Wee “Buttercup” was a lovely, petite tortoiseshell cat. She was a frequent visitor to the clinic, as she had chronic rhinitis symptoms. “Buttercup” had contracted “cat flu” as a kitten before her owner had acquired her, and ever since she had been prone to flare ups of her debilitating runny nose and sneezing symptoms.
There are many causes of upper respiratory tract disease in cats. Feline viral rhinotracheitis (feline herpesvirus) and feline calicivirus are the main primary cause. These respiratory viral diseases are common in young cats and are highly contagious. They are transmitted through air droplets, or by direct contact with an infected cat through contact with nasal or ocular discharges, or via contaminated bedding and food bowls. The viruses may survive in a favourable environment for up to 24 hours for herpes virus, and up to 10 days for calicivirus. Over 85% of respiratory diseases are caused by the feline herpes virus 1, which causes the respiratory infection known as rhinotracheitis. These upper respiratory viruses can persist in some cats, known as carriers, for weeks, months, or even years. Some cats that have been infected with the herpesvirus or the calicivirus will remain carriers for life.
These viral infections can cause severe respiratory mucous membrane inflammation and damage, leaving the cases then susceptible to secondary bacterial infection. The viral infection damages the protective mucous membranes of the respiratory tract and eyes, and allows bacteria to invade these damaged tissues, thereby causing persistent clinical signs. This can lead to chronic persistent or intermittent recurrent signs with sneezing, eye and nasal discharges, and nasal congestion. In severe cases this may then lead to chronic infection of the nasal turbinate bones, an osteomyelitis, a bacterial infection of the fine bones within the nasal sinuses.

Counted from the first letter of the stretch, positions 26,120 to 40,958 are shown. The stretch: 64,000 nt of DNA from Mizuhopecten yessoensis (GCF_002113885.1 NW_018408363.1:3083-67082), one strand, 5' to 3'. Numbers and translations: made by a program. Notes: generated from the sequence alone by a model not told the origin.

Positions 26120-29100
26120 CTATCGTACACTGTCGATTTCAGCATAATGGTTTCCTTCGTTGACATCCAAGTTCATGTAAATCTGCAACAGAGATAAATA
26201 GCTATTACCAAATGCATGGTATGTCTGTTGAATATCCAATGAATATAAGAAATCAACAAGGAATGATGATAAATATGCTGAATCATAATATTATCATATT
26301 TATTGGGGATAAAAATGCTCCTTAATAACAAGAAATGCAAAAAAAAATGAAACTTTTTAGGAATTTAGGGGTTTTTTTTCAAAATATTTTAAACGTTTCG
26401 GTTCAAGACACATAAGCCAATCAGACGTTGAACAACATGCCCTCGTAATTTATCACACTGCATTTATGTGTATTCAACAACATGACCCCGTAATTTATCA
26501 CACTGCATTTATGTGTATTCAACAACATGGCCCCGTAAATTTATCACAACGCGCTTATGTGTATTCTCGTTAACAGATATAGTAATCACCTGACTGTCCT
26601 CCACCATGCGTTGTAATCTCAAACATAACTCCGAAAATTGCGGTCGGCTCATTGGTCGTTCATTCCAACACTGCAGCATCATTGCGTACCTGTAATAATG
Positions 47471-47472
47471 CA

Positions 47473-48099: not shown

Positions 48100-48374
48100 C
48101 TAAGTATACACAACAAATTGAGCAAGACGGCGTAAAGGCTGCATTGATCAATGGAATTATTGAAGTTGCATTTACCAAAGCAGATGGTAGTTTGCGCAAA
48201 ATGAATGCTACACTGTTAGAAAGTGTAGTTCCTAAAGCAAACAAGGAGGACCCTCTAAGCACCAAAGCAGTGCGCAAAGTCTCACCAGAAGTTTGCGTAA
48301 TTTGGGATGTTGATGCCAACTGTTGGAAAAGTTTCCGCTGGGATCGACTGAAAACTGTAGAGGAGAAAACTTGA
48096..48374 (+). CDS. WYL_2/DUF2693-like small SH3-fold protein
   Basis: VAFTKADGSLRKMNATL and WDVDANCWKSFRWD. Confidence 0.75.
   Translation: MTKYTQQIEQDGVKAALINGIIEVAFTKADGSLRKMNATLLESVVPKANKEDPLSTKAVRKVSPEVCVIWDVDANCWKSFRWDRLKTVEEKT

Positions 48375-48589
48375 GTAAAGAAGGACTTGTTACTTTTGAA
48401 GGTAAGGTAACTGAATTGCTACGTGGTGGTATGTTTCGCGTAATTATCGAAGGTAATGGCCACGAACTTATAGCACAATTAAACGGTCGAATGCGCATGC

Vaccinated cats that have not been given the appropriate annual booster vaccines may become infected with one or more of these viruses, and then later in life may exhibit chronic post-viral rhinitis and conjunctivitis symptoms. Or, if they have been previously exposed to respiratory viral infection as kittens, they may have chronic or recurrent symptoms.
There are other pathogens. Chlamydophila Felis and Bordetella are bacteria that can also cause primary respiratory infections in cats. A group of organisms called Mycoplasma can cause primary respiratory and eye infections, or play a secondary role, along with other bacteria such as Pasteurella, Streptococci and Staphylococci. Some fungal infections can also cause chronic upper respiratory tract disease. Also, cancers affecting the upper respiratory tract are rare but may also need to be ruled out in certain cases. In a few cats, benign, non-cancerous, nasal polyps may cause chronic sneezing and discharge. Other causes of upper respiratory tract inflammation may need to be ruled out with further investigations and imaging, such as allergic rhinitis, trauma, foreign bodies trapped in the nose, or even dental disease.